The Democratic Republic of the Congo is reportedly consulting with the African Regional Organization for Satellite Communications (RASCOM) over the possibility of leveraging satellite technologies in improving connectivity and digital adoption in the country.
DR Congo’s Minister of Posts, Telecommunications and New Information and Communication Technologies (PT-NTIC), Augustin Kibassa Maliba, on 9 March, had a working session with RASCOM Director General Mamadou Sarr and top officials of the Ministry to review the needs of the central African country in terms of connectivity and how RASCOM’s services can help the country’s drive for digital transformation.
One of the major highlights of the session was the discussion on the country’s switch from analogue television to terrestrial digital television (TNT).
During the working session, the technical director of RASCOM presented a wide range of services including digital television, internet, universal services and how RASCOM can support the Congolese government.
“We have realized that since the launch of the first satellite, the DRC has been using the’s satellite for television channels. Its services are not very well known, many in Kinshasa do not know that it is RASCOM who offers the services. Currently, all states are in the process of digital transition and the DRC is in the same wave. It is in this setting that we came here to review the needs and ways of switching from analogue to digital. We are here to review all the needs, beyond the digital transition and connectivity, and to see how much the DRC is doing better getting involved not only in the operation of RASCOM as a founding member but also using the services of RASCOM with the new technology that we have put in place,” Sarr told the press after the working session.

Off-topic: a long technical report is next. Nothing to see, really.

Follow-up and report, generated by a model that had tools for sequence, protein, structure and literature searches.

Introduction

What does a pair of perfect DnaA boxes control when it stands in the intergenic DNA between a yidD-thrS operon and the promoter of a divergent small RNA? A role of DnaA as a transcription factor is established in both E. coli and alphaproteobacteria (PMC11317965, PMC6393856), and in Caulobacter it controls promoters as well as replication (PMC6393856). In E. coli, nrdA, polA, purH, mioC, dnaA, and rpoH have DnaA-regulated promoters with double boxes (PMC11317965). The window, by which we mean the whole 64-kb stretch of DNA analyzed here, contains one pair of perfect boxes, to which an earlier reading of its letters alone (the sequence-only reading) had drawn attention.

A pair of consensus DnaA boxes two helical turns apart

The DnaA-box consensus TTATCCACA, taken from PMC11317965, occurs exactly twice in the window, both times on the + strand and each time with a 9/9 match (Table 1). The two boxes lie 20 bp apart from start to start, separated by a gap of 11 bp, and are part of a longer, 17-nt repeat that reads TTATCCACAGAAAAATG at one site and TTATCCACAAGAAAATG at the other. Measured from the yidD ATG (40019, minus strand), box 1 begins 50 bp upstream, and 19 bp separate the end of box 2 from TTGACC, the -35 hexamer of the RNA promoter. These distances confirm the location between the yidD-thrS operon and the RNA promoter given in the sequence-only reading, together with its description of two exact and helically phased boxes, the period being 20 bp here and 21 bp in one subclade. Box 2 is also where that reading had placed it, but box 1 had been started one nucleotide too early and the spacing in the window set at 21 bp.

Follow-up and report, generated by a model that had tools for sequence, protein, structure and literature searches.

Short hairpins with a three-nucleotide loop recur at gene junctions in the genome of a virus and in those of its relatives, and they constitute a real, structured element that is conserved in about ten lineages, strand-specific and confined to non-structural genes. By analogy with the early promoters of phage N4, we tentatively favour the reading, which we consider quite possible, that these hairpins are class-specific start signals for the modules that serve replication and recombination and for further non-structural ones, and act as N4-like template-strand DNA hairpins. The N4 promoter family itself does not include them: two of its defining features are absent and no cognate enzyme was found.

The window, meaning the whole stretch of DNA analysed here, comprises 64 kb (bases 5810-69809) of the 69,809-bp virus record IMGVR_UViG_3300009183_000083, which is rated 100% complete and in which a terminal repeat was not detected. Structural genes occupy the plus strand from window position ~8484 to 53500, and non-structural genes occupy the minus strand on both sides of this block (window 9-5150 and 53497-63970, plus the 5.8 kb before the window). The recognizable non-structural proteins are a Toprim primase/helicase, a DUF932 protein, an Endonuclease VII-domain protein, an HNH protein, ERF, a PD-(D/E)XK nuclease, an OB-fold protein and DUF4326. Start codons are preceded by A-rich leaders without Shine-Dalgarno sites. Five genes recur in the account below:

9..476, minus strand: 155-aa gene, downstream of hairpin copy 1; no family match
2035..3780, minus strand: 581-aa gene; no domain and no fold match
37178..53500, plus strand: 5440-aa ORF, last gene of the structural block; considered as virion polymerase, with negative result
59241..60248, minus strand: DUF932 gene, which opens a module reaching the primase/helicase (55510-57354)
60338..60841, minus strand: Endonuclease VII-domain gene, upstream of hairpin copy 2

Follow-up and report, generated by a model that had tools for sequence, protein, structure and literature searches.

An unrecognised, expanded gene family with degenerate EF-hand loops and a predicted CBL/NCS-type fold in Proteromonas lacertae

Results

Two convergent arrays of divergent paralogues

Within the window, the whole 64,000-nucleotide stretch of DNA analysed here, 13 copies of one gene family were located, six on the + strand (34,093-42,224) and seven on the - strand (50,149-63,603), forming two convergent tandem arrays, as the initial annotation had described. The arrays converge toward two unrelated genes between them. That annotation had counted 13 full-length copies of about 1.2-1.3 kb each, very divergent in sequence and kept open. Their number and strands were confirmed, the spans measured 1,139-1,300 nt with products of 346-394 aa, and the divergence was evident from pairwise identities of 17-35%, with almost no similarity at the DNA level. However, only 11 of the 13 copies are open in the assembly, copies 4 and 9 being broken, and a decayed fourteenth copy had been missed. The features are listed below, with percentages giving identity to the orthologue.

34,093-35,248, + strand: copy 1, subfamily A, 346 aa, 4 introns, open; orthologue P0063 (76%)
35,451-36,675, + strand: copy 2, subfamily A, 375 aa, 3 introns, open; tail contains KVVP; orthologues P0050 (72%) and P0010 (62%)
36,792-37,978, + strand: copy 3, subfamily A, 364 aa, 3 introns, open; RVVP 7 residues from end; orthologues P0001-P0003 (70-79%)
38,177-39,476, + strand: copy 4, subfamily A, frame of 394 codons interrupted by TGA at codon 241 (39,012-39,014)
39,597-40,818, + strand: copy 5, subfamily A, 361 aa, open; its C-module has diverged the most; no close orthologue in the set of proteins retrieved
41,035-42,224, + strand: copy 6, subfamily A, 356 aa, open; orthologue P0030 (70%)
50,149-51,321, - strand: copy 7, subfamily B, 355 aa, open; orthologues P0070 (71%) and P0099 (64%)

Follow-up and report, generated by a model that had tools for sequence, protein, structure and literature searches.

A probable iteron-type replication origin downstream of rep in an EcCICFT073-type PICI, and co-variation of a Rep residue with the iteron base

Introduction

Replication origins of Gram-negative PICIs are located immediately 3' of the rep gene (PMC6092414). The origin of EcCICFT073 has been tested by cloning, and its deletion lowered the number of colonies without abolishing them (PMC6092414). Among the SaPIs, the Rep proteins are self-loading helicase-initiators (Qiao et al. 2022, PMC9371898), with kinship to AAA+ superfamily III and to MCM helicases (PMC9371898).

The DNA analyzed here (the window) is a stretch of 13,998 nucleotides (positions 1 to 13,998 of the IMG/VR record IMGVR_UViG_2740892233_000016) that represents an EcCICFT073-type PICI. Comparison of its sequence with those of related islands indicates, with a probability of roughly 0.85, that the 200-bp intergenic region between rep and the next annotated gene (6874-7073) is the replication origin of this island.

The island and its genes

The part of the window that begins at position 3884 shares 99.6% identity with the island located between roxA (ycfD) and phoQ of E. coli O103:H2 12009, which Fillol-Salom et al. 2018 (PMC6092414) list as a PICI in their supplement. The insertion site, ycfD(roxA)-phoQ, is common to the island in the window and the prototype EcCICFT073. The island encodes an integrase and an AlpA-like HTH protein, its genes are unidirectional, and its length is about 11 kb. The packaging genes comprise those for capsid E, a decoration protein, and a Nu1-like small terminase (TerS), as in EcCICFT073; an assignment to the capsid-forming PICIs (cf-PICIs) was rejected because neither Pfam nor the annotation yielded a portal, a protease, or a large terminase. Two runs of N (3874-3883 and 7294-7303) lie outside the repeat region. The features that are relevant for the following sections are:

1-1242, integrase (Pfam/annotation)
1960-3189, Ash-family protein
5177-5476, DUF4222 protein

“It is up to the authorities of the country to look into which framework we will cooperate to boost the ICTs in the DRC”, he added.
Founded in 1992 as a multilateral commercial satellite organization, RASCOM’s mission is to implement and operate a pan-African telecommunications satellite system by translating its indigenously-owned space segment into services and tools that bridge the digital divide in Africa. To achieve this mission, RASCOM established RascomStar, a privately-held satellite operator registered in Mauritius to commercialize its satellite system. RascomStar launched its first satellite Rascom-RQ1 in 2007 and a replacement Rascom-RQ1R in 2010 after the former failed in orbit due to propellant leakage, which significantly reduced its life expectancy to three years.
Satellite connectivity has the potential to bridge the digital divide in Congo considering that the central African country occupies the largest swathes by area in Sub-Saharan Africa with about 93.8% of its population still lacking access to the internet, according to Internet World Stats.
In related news, the Congolese regulator Autorite de Regulation des Postes et Telecom (ARPTC) has recently granted Liquid Telecom a licence to build a second submarine cable landing station.
Joseph Ibeh is a Mandela Washington Fellow and Senior Analyst at Space in Africa. His experience spans industry research and market analysis with a focus on African-grown NewSpace companies, commercial space industry, national space programmes and real-life application of space science for sustainable development in Africa.